Mission Day: Nineteen, Twenty, Twenty -One, Two and Three

My time here on the Island of Bermuda is coming to an end.  My diving has ended 10 August.  Today was a high wind day so Meredith, Kyungsoo and Su Eun would not be able to dive so if weather is good tomorrow, which would have been my last dive day, they would still be the dive team.  Not to worry, I am completely wiped out.  I have done 11 dives (7 to 300 feet, 2 to 200 feet and 2 to shallow depths for what we call Admin dives).  I have spent a grand total of 17 hours on the bottom during those dives and 53 hours of decompression and up to our first bad weather day, Todd and I completed 16 straight Mission Days, either underwater or supporting our other team members from aboard the Fountain at the surface.

Me filming the installation of the Science Station
Photo: Graham Blackmore (Thanks my friend)
Mission Day 11, 28 July
I would like to share my thoughts really quick about the training agency I dive with, Global Underwater Explorers (GUE); the “advanced diver/technical diver” certification agency that Todd (my dive buddy and Science Director of GUE, began in 1999.  The philosophy that we adhere is to a high level of fundamental dive skill, standardization of equipment – advanced skill sets – dive communications and protocols allowing me to do my first dive with a new buddy, Kyungsoo Kim, to 300 feet for 5 hours.  He speaks very little English, I speak NO Korean, yet underwater, we speak the same language and can execute a highly technical rebreather dive, accomplish a successful science mission and complete four hours of decompression floating in “blue water”.  I am proud to be a GUE diver.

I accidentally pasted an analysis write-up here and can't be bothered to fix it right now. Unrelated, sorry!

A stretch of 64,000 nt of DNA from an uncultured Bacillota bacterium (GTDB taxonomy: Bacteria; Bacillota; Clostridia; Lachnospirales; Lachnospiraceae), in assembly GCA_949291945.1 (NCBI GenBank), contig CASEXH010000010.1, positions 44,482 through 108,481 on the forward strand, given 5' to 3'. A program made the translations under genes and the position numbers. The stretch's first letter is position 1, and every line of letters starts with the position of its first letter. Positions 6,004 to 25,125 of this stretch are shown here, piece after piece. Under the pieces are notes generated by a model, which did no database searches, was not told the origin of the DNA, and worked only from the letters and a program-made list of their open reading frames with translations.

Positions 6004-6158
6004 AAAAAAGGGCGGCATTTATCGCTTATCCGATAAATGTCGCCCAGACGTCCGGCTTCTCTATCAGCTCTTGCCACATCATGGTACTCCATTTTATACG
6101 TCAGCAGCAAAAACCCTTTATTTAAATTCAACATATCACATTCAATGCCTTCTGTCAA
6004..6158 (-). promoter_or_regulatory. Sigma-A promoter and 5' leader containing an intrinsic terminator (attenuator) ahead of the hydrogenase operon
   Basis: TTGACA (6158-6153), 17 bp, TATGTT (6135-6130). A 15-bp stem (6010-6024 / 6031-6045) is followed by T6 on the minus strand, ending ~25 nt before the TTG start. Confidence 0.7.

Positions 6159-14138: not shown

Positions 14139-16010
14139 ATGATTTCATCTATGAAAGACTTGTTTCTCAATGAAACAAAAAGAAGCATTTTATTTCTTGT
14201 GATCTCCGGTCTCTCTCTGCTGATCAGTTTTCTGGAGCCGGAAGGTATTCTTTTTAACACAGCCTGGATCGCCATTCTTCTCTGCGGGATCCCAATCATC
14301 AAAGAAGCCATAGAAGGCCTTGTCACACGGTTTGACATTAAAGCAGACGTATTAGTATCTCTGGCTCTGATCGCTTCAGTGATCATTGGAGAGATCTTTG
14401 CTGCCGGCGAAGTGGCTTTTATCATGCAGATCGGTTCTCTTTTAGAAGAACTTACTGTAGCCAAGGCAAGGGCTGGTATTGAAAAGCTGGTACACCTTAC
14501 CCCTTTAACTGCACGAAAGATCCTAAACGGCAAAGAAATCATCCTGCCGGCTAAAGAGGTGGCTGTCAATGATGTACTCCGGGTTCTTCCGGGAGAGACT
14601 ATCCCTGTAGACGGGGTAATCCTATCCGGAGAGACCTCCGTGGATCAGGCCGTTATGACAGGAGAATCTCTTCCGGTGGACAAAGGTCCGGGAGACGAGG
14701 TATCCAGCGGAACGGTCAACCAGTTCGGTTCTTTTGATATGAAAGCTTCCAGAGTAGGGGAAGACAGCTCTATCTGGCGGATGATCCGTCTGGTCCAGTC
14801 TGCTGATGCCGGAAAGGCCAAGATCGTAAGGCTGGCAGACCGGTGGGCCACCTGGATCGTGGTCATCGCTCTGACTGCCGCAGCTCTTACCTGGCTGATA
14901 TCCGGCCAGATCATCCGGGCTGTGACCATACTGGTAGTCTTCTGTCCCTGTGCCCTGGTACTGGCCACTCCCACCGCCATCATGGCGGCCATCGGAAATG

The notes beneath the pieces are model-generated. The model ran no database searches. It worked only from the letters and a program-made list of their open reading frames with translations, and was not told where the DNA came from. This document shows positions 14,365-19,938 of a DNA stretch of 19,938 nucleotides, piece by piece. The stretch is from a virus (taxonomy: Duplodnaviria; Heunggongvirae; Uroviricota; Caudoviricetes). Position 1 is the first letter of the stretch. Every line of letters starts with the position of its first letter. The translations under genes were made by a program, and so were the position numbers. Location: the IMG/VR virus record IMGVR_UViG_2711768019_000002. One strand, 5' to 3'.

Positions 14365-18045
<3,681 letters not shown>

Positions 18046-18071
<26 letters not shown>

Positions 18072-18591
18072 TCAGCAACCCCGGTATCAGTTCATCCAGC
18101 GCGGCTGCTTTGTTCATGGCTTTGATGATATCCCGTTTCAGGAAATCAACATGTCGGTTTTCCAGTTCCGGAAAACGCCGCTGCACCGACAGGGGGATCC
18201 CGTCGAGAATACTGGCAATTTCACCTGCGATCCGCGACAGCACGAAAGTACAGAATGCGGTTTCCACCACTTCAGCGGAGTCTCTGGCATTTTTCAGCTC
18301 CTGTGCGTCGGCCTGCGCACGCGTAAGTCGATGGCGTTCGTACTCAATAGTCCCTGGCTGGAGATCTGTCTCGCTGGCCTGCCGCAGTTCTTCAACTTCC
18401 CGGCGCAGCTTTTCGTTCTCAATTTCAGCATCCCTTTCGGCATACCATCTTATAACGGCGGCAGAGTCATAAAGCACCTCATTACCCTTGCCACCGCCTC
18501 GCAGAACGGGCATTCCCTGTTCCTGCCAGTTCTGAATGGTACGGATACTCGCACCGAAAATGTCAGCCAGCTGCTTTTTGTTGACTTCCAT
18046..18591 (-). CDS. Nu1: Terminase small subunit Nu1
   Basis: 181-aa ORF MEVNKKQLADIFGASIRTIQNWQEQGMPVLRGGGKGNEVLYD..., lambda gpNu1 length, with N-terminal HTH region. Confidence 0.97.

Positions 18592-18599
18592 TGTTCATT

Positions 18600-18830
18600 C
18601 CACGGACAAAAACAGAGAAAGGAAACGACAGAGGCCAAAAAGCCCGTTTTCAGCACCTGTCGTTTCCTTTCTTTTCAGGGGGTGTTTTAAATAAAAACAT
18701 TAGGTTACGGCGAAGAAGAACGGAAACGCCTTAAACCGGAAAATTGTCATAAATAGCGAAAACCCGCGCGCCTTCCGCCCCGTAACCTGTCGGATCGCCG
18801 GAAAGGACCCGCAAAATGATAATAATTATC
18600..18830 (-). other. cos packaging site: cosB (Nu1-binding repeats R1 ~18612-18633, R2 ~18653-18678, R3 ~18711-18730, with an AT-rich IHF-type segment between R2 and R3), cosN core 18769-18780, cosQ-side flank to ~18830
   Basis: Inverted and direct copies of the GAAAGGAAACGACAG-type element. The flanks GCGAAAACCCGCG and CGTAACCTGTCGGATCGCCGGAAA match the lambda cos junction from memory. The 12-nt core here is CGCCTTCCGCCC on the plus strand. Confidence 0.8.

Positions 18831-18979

Establish a “SVS transect” start point.

During our science missions we have collected video data and physical data; stereo video transects, being a primary objective but also gathering H2O, algae, corals and rock specimens.  I have not done a very good job of explaining the Stereo Video Transects (SVS); how we do it, how we set it up and what we provide the scientists upon completion of a transect series. 

The 50meter metric tape measure
attached to the 10 meter line

An SVS transect starts by selecting a starting point on the bottom (benthos) and laying down a 10 meter / 33-foot line.  At the end of this line we attach a 50-meter fiberglass tape measure.  The reason for the 10-meter gap is because this SVS video is trying to capture “fish density” in their natural habitat and if we were to start filming right away, all our activity (tying in line, setting up SVS camera system, synchronizing the cameras, etc.) would startle the fish.  So the scientists have us set-up, swim the 10 meters and then begin filming the 50-meter SVS video transect while the other diver lays out the tape measure “following behind” the camera diver.  Now simply swimming along, quiet with our rebreathers, just like another fish in the ocean, the cameras pointing forward capture an undisturbed fish video.  Once we get to the end of the first 50 meter SVS video, the diver managing the tape measure lets out a series of “Whoop, Whoop, Whoop” which the camera operator can hear and the first transect ends.  At this point we then attach another 10-meter line, swim it, attach another 50-meter tape measure while following the camera person until we get to the end of the second tape.  At this point, the fish diversity SVS transect is complete and we are 120 meters away from our starting point.